Everyone knows where they stand at the end of PMT week and I’m reset ready for another month of harmony!

How is PMT my BFF…?

Now, an essential quality of any BFF is to provide you with a shoulder to cry on. But my new BFF can do even more than that…

At the moment I am  hurting inside most of the time, but I just don’t feel it yet. That’s because I am watching while cancer destroys the life of someone dear to me. Again.

But I don’t cry. I get down and dirty with the action of assisting in any way I can. Like a moth drawn to the flame, I can’t keep away. And the closer I get the more it burns, and the more my tears dry up.

My BFF knows this, and knows that it’s not good for me to carry unshed tears. She re-opens the connection to my heart so I can find the time to cry. Like the most nurturing friend PMT heightens my emotional response to everything around me, and generates the very tears that soothe the soul.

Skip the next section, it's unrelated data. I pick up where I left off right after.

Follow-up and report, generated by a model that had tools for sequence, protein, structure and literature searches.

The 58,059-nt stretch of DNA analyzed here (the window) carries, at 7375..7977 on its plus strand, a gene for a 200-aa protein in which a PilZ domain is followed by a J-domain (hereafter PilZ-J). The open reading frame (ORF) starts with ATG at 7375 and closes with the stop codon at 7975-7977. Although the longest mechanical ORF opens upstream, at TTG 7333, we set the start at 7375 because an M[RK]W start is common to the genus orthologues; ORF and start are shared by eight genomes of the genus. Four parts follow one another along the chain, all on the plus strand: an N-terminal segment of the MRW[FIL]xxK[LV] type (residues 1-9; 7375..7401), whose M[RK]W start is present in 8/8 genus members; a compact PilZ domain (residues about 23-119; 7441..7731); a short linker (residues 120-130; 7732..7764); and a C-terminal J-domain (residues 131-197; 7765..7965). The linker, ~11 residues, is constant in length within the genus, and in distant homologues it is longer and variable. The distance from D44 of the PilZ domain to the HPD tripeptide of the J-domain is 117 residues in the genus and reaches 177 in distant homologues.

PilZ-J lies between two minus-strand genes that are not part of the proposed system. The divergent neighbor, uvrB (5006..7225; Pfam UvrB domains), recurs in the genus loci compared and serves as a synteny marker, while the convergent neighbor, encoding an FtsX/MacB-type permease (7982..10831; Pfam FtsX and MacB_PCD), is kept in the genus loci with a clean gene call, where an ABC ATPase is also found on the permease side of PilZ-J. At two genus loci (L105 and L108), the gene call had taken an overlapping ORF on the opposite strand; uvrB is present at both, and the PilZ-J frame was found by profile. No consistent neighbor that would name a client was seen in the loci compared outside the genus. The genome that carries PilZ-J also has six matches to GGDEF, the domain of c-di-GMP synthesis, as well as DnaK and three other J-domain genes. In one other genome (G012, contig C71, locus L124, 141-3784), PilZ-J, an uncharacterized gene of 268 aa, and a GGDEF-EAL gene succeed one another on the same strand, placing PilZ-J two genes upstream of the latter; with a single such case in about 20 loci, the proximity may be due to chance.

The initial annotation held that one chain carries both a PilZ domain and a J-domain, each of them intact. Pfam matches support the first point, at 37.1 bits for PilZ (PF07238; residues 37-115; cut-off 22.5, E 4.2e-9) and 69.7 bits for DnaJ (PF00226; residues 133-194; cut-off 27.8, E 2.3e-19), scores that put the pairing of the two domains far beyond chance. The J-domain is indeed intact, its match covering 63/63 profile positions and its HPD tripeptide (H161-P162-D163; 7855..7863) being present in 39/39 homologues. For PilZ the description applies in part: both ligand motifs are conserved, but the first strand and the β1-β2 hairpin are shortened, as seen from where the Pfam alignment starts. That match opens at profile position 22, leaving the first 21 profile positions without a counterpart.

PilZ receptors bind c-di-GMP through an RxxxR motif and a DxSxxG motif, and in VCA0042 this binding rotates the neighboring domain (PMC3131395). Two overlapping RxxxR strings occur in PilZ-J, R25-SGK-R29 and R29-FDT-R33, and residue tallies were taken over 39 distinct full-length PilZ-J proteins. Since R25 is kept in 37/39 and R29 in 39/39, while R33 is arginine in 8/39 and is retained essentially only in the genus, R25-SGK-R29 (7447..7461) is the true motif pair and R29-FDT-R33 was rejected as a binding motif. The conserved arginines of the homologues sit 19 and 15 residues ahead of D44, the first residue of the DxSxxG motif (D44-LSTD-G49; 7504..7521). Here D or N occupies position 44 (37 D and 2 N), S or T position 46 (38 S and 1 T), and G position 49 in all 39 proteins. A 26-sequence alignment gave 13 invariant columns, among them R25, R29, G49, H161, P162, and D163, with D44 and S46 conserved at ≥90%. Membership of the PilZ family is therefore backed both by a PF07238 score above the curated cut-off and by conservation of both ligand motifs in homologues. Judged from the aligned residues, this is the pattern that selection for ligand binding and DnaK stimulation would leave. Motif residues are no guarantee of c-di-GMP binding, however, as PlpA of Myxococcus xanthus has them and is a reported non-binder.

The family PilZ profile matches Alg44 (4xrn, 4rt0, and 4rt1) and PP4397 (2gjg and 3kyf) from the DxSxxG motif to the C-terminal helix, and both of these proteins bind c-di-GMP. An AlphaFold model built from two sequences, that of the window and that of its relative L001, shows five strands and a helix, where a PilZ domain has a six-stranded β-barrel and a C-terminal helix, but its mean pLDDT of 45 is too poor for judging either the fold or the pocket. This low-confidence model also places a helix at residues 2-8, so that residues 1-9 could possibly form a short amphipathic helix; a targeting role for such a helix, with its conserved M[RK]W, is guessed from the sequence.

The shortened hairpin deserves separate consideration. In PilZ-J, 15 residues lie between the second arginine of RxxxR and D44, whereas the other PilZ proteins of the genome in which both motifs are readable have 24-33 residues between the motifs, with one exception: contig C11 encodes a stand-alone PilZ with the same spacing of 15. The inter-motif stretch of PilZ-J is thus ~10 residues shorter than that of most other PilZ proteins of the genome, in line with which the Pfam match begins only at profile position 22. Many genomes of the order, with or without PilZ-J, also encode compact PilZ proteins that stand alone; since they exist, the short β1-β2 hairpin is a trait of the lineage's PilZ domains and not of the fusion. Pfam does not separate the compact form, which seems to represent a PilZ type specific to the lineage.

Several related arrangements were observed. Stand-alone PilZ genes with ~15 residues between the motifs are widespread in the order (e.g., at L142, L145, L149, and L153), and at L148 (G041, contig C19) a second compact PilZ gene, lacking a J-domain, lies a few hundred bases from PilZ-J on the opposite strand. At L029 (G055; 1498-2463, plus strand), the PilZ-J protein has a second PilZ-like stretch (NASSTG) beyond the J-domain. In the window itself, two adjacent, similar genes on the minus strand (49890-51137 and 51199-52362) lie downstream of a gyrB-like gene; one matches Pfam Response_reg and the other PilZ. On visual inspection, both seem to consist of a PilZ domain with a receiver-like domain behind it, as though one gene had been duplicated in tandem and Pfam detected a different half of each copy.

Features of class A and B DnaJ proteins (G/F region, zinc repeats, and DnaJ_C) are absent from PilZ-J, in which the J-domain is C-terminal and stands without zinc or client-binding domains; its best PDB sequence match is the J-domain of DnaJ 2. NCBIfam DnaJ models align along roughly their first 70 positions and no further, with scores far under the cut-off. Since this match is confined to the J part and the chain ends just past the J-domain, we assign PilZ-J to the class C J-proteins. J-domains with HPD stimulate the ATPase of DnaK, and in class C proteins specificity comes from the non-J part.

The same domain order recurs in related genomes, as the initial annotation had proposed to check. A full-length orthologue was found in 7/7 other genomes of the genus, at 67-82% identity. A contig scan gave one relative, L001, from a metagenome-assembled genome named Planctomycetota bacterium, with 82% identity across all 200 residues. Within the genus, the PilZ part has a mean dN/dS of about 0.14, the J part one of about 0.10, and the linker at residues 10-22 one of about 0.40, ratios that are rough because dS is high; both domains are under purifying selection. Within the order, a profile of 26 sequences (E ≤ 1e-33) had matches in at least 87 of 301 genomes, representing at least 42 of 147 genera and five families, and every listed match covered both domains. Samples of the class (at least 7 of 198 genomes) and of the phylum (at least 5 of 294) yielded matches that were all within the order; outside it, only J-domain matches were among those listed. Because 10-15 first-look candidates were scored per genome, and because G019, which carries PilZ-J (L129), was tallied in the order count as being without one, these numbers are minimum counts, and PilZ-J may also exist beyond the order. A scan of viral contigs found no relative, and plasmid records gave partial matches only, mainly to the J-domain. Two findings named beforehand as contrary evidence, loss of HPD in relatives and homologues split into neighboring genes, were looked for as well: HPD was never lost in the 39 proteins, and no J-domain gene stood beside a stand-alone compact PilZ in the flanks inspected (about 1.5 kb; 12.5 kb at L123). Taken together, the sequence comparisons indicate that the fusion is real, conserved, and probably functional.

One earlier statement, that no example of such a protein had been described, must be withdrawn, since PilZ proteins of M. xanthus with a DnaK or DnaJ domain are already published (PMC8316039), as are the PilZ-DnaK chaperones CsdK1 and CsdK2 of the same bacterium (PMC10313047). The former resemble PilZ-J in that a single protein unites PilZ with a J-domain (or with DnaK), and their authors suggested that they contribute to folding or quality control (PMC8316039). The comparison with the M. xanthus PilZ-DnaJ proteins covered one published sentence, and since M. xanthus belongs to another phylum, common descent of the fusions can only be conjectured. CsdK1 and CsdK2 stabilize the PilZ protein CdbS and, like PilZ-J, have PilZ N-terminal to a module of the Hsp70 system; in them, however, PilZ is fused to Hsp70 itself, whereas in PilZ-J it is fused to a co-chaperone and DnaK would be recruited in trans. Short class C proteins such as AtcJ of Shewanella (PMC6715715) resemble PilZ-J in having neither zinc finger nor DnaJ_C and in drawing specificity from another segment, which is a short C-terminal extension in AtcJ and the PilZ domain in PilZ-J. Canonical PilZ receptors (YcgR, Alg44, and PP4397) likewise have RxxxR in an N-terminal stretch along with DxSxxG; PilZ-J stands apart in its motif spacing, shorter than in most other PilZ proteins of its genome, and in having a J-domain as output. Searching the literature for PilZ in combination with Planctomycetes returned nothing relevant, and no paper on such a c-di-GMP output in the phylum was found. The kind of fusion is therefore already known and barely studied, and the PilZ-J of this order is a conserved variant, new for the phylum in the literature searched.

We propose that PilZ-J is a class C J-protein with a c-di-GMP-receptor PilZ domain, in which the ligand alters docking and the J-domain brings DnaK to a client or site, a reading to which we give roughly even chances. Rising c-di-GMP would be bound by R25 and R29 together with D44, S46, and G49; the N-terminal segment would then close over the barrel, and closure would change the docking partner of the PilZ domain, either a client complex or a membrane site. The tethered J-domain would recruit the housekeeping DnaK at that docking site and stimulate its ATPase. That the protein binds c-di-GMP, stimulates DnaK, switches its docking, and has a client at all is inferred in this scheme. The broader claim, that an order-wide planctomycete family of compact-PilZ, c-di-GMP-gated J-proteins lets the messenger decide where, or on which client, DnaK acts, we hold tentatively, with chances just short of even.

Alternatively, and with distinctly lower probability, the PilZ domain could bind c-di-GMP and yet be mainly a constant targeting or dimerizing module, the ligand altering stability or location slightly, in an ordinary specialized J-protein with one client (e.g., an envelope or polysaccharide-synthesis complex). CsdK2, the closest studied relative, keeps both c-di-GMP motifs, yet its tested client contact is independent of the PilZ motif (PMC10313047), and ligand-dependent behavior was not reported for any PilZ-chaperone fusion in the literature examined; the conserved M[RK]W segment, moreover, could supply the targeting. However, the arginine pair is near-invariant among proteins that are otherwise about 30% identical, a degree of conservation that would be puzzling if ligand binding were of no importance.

So I wouldn’t be without her, she keeps me sane (while driving my husband insane)!

PMT is the best friend a girl could have!




Ten Tips to Kick Worry-Brain into Touch!

Blog wordle feel the fearSo I’ve admitted it, I have been a Helicopter Mum and I’m sure that I will be again! But it could be a whole lot worse if I didn’t kick Worry-Brain into touch!

Here’s my top ten tips for calming the mind when embracing your teenagers new-found independence: 

  1. Get some perspective – use Rational-Brain to counter argue with Worry-Brain. Look at the statistics – and remind yourself how important it is for children to get outdoors on their own to learn resilience and problem solving skills.
  2. Create a dialogue – talk to your children about your feelings and explain that you want to work with them to enable them to enjoy their new independence.
  3. Set reasonable limits – work together in consultation to agree an achievable goal that you can both stick to. For example, I set a time that Berry has to contact me to touch base and this reassures me he’s ok and give him the flexibility to change plans.